Office workers tend to suffer from neck and back pain due to sitting for long hours without breaks.

The most ergonomic chair and the best sitting posture will not keep an office worker pain-free from prolonged sitting unless he also takes frequent breaks.

Prolonged sitting is not the restful activity that most people assume it to be.

Unlike walking, where the muscles in the body contract and relax, when a person sits, the muscles in the neck, shoulder, back and legs are constantly contracted to keeo the body upright and still.

The result is that blood circulation in the body slows down and less nutrients reach the tissues so more cellular waste builds up in them. This contributes to fatigue and discomfort.

Over time, this causes strain and pain in the muscles and joints.

It is not known how common this problem is here, but overseas studies show that office workers are more likely to have neck and back pain compared to non-office workers.

Sitting puts a constant pressure on intervertebral discs, which act as cushions between the vertebrae of the spine, unlike walking which exerts a dynamic pressure on the intervertebral discs.

Hence, sitting acellerates the wear and tear of the discs. In some people, the contents of the disc can move out and press on a nerve, causing pain, numbness or a tingling sensation. This condition is called a prolapsed disc.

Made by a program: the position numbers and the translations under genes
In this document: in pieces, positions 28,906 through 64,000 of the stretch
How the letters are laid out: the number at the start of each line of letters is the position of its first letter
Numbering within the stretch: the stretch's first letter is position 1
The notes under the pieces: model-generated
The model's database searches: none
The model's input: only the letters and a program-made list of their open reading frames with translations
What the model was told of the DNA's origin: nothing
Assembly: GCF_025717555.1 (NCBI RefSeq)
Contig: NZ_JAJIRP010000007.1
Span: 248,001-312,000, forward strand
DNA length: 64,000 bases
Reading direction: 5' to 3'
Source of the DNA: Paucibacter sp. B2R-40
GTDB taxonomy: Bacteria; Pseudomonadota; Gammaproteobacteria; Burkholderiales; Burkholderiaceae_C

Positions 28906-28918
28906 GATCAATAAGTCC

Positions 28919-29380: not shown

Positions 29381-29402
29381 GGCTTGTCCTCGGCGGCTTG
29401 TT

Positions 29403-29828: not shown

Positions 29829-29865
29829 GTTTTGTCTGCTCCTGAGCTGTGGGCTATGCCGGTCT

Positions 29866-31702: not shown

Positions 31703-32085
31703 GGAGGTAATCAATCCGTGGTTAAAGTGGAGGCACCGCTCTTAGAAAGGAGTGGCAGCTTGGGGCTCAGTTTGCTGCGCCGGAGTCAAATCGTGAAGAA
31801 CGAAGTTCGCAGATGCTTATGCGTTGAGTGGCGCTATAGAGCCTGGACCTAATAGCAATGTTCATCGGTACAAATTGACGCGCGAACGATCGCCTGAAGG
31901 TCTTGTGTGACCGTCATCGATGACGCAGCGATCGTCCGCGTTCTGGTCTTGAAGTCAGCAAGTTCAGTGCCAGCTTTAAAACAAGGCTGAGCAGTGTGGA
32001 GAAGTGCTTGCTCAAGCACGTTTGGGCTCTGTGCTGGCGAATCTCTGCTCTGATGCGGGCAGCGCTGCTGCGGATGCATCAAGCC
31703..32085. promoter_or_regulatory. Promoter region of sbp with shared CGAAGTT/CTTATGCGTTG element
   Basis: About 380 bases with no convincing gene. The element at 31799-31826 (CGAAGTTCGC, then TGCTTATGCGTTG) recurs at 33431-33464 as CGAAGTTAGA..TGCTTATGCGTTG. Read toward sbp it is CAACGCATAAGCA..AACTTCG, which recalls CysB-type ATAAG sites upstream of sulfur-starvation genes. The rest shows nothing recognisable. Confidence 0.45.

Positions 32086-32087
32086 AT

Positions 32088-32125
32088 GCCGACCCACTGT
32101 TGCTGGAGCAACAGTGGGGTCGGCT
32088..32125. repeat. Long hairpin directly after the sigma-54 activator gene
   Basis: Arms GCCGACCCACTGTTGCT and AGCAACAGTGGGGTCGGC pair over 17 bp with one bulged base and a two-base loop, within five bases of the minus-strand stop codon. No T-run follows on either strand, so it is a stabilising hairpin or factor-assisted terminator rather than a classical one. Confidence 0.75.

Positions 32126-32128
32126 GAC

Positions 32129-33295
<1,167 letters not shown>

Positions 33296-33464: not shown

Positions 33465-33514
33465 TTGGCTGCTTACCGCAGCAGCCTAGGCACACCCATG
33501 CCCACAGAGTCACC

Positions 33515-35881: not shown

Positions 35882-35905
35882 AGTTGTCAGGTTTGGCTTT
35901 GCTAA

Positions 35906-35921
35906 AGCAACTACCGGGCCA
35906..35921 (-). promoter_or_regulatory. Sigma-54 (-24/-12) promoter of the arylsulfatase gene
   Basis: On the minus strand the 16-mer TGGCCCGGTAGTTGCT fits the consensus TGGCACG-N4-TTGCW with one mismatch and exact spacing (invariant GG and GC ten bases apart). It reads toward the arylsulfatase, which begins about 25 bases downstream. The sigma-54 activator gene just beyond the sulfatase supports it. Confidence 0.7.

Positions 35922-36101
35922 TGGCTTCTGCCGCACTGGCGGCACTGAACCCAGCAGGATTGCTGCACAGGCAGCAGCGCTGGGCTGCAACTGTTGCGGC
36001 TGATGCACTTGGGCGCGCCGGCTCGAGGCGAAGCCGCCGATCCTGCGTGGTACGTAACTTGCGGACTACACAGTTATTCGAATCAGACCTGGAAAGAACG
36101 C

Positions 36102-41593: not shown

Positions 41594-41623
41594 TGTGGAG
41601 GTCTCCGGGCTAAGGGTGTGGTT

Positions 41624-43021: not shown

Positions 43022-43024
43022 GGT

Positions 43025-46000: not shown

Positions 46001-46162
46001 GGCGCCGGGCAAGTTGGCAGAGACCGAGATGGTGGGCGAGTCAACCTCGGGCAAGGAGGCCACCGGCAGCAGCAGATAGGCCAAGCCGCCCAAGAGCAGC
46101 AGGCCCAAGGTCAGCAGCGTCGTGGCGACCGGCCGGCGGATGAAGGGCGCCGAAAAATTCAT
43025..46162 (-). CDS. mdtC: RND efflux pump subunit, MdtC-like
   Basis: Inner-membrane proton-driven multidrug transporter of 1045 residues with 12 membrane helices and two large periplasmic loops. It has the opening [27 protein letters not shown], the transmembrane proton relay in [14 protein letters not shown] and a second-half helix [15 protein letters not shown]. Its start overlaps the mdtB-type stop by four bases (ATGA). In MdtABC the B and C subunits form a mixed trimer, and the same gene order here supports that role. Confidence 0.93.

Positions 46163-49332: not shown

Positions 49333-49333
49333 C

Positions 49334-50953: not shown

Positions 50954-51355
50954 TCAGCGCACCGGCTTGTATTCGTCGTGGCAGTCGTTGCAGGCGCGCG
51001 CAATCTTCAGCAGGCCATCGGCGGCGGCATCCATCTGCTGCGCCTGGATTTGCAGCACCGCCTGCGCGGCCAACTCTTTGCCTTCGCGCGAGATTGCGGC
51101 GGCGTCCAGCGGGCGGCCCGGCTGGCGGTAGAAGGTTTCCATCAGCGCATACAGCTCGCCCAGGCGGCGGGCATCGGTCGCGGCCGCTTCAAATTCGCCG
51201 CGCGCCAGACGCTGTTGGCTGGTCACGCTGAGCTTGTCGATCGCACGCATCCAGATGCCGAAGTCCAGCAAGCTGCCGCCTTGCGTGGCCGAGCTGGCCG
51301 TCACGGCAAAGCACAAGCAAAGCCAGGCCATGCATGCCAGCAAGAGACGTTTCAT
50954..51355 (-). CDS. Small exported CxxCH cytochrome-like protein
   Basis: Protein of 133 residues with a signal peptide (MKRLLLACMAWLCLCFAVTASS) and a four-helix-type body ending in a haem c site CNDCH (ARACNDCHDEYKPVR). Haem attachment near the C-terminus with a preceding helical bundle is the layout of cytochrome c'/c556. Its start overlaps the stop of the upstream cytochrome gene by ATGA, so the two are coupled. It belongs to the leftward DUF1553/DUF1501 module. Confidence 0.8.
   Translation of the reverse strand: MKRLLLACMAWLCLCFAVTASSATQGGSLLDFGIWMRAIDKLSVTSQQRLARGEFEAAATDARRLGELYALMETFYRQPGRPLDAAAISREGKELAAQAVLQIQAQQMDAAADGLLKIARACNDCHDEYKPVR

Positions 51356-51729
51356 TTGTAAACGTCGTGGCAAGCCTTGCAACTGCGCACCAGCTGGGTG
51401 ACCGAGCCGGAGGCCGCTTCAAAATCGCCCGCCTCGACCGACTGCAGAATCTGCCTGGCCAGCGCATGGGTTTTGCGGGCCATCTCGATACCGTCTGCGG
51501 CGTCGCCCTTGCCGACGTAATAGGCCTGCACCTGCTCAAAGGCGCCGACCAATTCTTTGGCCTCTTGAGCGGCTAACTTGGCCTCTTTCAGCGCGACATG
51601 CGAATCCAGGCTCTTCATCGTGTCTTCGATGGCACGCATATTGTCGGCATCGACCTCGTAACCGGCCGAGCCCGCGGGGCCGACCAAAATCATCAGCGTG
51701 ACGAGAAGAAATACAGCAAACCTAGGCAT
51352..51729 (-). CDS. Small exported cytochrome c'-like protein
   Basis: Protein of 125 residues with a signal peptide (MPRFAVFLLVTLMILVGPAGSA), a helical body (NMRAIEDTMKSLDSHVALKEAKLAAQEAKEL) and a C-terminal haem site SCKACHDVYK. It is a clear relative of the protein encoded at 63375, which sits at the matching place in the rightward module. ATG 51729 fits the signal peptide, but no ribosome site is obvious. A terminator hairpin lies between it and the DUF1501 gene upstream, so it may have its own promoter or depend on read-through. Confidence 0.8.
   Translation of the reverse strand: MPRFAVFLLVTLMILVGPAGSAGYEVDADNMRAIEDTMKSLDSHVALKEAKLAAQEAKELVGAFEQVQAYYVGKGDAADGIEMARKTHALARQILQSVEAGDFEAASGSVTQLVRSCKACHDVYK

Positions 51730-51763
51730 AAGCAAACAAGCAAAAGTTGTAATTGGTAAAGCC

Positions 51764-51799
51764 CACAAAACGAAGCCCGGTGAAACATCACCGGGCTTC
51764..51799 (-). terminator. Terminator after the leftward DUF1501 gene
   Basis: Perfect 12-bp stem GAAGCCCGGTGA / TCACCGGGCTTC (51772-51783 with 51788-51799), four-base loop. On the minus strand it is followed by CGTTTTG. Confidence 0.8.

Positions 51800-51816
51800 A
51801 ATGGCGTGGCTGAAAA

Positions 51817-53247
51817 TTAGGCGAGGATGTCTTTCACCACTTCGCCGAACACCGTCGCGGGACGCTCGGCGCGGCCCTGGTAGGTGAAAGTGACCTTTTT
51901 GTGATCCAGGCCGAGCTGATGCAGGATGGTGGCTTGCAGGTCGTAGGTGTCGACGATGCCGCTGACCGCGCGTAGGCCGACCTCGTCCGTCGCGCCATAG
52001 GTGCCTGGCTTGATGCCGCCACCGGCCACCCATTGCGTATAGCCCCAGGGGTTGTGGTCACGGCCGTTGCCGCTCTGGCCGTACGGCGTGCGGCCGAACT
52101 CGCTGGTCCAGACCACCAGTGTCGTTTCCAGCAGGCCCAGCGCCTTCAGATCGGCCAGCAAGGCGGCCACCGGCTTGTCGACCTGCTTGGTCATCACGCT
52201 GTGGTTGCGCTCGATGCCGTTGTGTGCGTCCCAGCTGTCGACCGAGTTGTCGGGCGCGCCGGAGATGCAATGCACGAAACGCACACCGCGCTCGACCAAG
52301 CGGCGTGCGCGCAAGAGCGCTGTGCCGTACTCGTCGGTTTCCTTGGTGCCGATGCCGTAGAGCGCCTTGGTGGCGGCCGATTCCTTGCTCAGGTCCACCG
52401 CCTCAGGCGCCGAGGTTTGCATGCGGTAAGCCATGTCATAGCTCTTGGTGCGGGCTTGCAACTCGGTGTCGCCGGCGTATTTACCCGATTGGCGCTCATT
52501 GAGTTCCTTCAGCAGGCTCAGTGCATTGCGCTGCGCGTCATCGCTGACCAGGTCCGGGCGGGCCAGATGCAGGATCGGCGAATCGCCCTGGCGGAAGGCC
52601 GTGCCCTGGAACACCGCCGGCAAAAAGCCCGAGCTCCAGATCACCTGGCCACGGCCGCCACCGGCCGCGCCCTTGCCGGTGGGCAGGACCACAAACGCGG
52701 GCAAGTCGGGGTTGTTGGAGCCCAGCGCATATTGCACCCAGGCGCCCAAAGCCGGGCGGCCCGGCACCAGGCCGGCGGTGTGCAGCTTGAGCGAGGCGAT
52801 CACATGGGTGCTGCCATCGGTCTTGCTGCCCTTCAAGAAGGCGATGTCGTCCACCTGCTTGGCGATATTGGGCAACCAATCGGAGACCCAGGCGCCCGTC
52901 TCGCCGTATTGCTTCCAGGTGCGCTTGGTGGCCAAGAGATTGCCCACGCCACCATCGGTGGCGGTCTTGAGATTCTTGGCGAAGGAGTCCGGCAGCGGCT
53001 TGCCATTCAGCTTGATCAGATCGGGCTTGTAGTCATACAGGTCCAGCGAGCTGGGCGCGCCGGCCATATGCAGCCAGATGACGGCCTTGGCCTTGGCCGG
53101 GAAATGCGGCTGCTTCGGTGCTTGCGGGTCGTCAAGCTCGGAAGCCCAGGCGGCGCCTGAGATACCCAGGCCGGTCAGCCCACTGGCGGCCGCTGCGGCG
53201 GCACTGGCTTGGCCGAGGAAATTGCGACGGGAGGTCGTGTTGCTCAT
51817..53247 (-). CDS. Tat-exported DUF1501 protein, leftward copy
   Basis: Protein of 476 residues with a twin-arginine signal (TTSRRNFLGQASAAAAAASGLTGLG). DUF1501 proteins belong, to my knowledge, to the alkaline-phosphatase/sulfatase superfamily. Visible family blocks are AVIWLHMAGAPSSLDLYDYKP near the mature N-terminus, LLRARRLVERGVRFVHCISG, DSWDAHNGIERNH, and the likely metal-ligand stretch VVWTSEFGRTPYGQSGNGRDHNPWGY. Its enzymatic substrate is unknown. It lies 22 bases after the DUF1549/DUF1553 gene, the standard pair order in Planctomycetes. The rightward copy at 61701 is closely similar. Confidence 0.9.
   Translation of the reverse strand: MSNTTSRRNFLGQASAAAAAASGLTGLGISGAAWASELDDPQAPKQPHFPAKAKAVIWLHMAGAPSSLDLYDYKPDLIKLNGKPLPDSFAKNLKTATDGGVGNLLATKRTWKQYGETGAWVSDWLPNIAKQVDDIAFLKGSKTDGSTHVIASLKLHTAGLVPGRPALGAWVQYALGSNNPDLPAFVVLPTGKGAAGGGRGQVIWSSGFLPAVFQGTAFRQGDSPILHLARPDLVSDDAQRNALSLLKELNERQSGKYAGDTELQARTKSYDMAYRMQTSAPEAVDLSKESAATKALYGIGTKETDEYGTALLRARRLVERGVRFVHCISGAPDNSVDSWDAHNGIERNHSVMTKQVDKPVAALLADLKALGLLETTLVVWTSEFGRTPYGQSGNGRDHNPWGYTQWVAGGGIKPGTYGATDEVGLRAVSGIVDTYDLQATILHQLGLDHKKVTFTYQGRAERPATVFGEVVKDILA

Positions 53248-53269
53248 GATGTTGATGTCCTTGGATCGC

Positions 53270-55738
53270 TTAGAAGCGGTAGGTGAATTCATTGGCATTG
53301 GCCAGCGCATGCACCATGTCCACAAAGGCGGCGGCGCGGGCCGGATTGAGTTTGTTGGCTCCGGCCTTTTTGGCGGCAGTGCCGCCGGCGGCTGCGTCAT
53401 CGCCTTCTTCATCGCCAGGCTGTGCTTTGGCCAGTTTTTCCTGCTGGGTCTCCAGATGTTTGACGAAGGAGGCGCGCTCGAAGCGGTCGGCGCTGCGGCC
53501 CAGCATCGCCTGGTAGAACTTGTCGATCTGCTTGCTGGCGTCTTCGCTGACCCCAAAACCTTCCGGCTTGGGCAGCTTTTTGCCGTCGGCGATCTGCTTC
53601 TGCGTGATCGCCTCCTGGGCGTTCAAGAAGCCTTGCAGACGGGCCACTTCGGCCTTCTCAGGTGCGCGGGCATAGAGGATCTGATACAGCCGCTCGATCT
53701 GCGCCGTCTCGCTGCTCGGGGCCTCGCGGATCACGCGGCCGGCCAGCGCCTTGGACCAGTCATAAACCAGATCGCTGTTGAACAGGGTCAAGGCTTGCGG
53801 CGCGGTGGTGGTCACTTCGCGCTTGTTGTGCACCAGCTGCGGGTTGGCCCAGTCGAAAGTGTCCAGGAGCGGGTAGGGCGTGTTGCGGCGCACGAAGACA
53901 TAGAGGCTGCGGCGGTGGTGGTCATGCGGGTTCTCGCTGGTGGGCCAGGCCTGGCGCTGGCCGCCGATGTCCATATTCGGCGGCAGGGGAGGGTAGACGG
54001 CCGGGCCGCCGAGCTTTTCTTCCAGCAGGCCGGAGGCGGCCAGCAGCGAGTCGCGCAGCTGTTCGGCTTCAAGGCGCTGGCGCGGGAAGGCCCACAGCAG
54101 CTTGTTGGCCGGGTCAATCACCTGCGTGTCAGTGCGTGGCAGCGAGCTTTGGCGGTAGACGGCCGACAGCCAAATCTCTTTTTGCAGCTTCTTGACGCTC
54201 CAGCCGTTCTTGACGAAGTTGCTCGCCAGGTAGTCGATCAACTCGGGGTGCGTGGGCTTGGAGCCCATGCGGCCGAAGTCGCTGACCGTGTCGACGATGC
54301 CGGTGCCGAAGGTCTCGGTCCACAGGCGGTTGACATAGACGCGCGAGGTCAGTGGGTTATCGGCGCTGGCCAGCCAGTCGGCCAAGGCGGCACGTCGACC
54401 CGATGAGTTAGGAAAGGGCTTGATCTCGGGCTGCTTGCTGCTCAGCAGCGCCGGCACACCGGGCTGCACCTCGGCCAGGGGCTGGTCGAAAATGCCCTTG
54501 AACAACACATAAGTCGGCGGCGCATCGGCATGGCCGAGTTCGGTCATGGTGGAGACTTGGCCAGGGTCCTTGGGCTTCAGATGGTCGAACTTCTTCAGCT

It is important for those who sit for a long time to break the stress cycle by “unseating” themselves every 30 to 45 minutes to get their blood circulation going again, said Dr Kevin Yip, an orthopaedic surgeon at Gleneagles Medical Centre.

This break need not take more than two to three minutes. “You can do some stretches on the chair or walk to grab a cup of water”.

It also lowers good cholesterol, increases triglycerides – a fatĀ  that hardens arteries, raising the risk of a heart attack and produces an inflammatory agent in the blood called the C-reactive protein that is also bad for the heart.

And this is regardless of whether the person exercises regularly or has a healthy diet.

The study found that those who took the most movement breaks had smaller waists and a lower risk of having a heart attack.

Frequent breaks aside, it is still wise for a person sitting at his desk to adopt a good sitting posture ad to buy a chair which supports such a posture.

Unlike sleeping or walking, during sitting, the spine loses its natural S-curve.

Sitting rotates the pelvis such that the lower back, or lumbar spine, becomes flatenned instead of curving inwards towards the body.

This creates extra pressure on the spine and pulls at the muscles and ligaments supporting the spinal column. The result? Lower back pain.

To regain the S-curve of the spine, a person needs to tilt his pelvis slightly. Otherwise, a chair with a lumbar support can also support this posture.